She’d return with wreaths, centrepieces and red cheeks. Ivy would be propped up on the nails left in the low beams of our house by previous occupants, sometimes from decades before. For a couple of weeks it would feel as if a forest was creeping into the house. As the foliage dried out with the central heating, it would smell a little like one too: the sweet tang of sap ushering in festive excitement.
In my own home, I’ve always had some kind of greenery in the house at this time of year. For a while I lived by the woods in south-east London and would make wonky wreaths from foraged foliage, surreptitiously whipping out the secateurs when no dog-walkers were in sight. Now I’m fortunate to have a back garden with a healthy wall of mature ivy, which comes in handy.
Foliage can be more difficult to find at source in the city but London’s early birds — both in terms of the day and the dawn of the season — can try their luck at New Covent Garden Flower Market, which since November has been stocked with forests of twisting hazel, spruce and pine along with the traditional sparkly owl ornaments. Armfuls of ilex berries, scented wax flowers and white pom-pom chrysanthemums can be found at Columbia Road Market on a Sunday afternoon; get there at 9am or 4pm to avoid the tourists. I like to stock up on bargain white hellebores in pots, which can be planted outside after Christmas.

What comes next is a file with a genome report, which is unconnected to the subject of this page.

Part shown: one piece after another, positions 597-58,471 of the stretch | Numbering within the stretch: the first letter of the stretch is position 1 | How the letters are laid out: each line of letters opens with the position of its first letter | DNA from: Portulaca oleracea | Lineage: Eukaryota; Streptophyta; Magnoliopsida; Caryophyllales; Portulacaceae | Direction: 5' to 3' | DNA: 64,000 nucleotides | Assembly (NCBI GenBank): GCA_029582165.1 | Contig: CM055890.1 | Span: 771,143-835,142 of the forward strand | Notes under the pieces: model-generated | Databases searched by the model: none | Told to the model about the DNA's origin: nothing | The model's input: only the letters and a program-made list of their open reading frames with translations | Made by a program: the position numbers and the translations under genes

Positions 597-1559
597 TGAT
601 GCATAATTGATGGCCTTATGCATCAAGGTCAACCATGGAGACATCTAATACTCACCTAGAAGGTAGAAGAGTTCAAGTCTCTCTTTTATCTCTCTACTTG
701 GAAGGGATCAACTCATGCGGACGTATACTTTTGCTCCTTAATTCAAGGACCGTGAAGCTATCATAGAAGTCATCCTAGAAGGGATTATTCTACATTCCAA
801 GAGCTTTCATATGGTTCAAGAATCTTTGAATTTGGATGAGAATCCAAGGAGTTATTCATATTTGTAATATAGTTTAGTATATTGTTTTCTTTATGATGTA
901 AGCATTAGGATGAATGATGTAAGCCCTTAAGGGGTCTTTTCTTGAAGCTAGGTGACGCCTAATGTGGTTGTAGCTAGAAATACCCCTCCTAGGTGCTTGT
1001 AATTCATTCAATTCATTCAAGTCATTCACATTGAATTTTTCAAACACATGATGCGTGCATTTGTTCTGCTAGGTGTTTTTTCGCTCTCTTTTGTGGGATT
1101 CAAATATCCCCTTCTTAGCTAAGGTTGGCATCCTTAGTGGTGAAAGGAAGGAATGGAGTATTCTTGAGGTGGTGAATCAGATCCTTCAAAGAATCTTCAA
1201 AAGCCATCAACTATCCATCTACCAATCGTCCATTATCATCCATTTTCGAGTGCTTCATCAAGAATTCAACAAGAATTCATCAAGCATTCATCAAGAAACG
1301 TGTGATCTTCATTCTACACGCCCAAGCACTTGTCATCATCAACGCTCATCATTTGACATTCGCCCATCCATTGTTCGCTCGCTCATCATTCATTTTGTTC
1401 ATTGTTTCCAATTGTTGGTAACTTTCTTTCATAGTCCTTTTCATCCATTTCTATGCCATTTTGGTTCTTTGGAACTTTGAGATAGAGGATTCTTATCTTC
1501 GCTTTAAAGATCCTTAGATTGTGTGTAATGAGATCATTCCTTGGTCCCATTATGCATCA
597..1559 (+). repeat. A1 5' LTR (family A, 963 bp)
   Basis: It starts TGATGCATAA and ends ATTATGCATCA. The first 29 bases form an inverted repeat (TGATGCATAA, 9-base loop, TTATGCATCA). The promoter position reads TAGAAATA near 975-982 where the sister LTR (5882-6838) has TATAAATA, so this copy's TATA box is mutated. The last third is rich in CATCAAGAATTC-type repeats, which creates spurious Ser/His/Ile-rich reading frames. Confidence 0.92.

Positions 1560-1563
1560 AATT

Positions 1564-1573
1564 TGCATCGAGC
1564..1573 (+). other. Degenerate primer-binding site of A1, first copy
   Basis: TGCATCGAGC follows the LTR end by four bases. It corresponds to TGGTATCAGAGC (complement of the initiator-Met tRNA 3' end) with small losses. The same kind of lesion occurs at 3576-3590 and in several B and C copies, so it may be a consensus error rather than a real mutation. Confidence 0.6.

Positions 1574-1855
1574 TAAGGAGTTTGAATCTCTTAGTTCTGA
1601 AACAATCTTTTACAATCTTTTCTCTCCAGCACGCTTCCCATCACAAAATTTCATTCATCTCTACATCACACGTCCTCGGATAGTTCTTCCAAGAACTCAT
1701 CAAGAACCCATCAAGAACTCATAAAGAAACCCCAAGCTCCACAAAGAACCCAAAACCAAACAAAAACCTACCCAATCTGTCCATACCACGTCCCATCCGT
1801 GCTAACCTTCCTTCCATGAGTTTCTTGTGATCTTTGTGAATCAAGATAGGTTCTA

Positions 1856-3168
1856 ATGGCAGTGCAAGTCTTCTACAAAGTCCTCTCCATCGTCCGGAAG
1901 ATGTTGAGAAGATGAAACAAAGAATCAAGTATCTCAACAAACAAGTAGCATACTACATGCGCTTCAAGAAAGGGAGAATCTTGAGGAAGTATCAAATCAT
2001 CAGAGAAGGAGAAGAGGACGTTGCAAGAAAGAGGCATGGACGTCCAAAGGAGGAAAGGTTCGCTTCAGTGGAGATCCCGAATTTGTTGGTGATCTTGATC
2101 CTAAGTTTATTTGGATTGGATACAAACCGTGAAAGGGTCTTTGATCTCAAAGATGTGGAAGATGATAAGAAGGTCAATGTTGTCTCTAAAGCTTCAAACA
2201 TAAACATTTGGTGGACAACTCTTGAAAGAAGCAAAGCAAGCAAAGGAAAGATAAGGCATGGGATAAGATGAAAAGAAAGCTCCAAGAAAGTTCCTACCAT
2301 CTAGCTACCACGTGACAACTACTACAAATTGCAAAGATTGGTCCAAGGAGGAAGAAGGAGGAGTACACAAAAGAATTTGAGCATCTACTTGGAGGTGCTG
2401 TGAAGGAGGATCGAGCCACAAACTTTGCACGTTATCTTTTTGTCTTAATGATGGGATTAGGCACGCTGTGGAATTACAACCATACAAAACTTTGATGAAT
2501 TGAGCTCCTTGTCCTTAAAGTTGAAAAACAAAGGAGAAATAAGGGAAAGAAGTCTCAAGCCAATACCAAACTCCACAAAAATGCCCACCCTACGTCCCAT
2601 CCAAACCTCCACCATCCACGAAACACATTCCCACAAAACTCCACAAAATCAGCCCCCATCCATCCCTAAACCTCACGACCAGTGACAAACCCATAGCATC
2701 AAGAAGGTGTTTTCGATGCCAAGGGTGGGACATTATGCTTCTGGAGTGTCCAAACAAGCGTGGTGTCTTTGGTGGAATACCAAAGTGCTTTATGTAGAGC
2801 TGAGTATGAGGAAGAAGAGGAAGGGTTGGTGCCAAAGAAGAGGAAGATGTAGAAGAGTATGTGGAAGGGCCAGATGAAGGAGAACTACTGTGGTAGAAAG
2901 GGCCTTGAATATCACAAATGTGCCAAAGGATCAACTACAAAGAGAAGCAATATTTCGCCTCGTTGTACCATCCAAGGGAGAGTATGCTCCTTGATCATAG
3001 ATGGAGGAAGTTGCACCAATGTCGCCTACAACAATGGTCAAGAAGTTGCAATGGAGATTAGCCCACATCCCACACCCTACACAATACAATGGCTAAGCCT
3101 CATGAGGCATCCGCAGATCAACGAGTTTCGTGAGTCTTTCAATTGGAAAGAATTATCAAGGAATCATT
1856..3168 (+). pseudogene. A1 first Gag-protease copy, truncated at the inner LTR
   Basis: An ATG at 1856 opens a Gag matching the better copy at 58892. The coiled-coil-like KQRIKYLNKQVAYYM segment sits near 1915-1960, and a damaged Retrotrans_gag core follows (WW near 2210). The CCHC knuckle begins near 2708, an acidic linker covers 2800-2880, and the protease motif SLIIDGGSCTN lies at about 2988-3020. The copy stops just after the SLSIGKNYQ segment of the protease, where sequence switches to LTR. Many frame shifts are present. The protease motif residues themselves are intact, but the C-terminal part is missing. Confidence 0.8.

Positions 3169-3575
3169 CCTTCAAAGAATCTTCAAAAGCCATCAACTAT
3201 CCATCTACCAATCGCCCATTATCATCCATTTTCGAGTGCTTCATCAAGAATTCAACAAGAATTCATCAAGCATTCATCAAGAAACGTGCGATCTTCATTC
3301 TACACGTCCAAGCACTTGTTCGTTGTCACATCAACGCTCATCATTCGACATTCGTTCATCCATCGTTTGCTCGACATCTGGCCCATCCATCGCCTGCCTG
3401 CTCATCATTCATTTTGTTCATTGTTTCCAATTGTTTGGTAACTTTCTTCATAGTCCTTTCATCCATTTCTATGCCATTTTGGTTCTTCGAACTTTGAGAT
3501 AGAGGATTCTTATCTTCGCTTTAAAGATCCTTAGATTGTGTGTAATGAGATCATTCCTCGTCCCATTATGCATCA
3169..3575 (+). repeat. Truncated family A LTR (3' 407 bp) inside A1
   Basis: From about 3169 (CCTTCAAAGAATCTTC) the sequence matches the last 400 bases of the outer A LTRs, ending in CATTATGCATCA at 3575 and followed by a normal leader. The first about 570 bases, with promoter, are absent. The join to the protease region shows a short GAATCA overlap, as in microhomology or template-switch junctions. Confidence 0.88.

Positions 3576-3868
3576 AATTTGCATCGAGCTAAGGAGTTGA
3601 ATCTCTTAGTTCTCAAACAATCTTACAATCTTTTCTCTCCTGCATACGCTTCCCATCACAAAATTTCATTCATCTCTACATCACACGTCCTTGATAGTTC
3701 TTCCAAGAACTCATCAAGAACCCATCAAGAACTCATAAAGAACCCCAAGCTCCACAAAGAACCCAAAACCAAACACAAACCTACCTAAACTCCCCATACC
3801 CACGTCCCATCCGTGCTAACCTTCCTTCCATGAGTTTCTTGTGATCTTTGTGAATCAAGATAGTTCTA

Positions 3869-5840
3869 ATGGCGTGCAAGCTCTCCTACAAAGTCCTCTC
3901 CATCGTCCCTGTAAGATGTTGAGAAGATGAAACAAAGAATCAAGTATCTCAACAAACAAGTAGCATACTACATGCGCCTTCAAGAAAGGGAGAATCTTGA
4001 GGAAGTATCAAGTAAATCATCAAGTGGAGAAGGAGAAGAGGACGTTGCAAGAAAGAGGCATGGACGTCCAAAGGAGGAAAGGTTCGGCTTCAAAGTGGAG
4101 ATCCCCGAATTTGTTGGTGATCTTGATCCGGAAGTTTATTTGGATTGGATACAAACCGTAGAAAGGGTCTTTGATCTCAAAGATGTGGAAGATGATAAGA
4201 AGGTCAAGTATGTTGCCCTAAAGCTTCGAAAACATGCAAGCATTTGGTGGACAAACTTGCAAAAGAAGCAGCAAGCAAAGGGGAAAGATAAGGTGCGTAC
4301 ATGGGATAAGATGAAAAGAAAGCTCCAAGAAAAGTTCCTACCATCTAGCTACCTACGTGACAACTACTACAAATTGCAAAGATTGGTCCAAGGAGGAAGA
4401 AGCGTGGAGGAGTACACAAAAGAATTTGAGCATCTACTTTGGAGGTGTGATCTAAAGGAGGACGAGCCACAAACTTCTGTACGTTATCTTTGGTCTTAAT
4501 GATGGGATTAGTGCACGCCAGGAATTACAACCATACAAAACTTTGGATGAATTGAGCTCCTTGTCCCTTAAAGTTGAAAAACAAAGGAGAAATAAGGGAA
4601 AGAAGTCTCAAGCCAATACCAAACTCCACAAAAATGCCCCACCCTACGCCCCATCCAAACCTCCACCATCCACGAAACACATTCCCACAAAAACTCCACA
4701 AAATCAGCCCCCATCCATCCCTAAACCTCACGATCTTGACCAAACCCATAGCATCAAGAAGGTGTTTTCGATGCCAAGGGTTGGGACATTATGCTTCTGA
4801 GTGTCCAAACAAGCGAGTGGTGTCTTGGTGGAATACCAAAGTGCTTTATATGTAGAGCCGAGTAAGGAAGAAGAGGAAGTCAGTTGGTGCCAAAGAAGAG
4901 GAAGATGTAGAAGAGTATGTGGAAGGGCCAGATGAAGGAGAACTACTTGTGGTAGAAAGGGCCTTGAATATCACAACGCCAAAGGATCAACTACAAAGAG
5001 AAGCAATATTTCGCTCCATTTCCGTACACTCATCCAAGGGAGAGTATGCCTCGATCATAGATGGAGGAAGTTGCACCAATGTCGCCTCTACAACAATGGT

Traditionally, we may have dressed up our homes to impress party guests, but the growing pressure to share our Christmas decorations on social media has seen a more professional gloss applied to what has always been a form of humble organic tinsel. Mantles are “scaped”, banisters are decked and front doors eclipsed by ever-larger wreaths. Sometimes I find it a little ersatz; as if our homes are not places to create our own version of joy, but to stage fashionably, like shop windows.
But a renewed focus on seasonal foliage has ushered invention, too. Seasonal floral designers offer modern wreaths that reflect the trend for a more natural look: dried Lunaria annua — or honesty — seed heads seem particularly popular this year, appearing in wreaths made by the Wiltshire-based Vervain and wreath kits from Milli Proust, based in West Sussex.
The collision of an interest in sustainability and a resurgence in a trend for dried flowers has meant the centuries-old hit of green enjoying a rather beige makeover in recent years. “Everlasting wreaths” — featuring nigella seed heads, bronzed bracken, fluffy bunny tail grasses and otherworldly moss varieties — promise to join the ranks of the other decorations that return from storage annually, as long as you store them well. I am, however, always wary of unearthing mine, convinced that it has become a luxurious home for a family of mice.
But I do relish this shift to celebrating the inevitability of natural decay over artificial perfection at Christmas; last year, I covered my mantel in a combination of dried hydrangea heads, flowering ivy, bundles of thyme and conifer cuttings and enjoyed watching it evolve as the days passed. The smell of freshly cut greenery is intoxicating but it’s the outdoors I miss the most in winter. A few short weeks of bringing it into the house tides me over until the snowdrops appear in the bleak tremor of new year.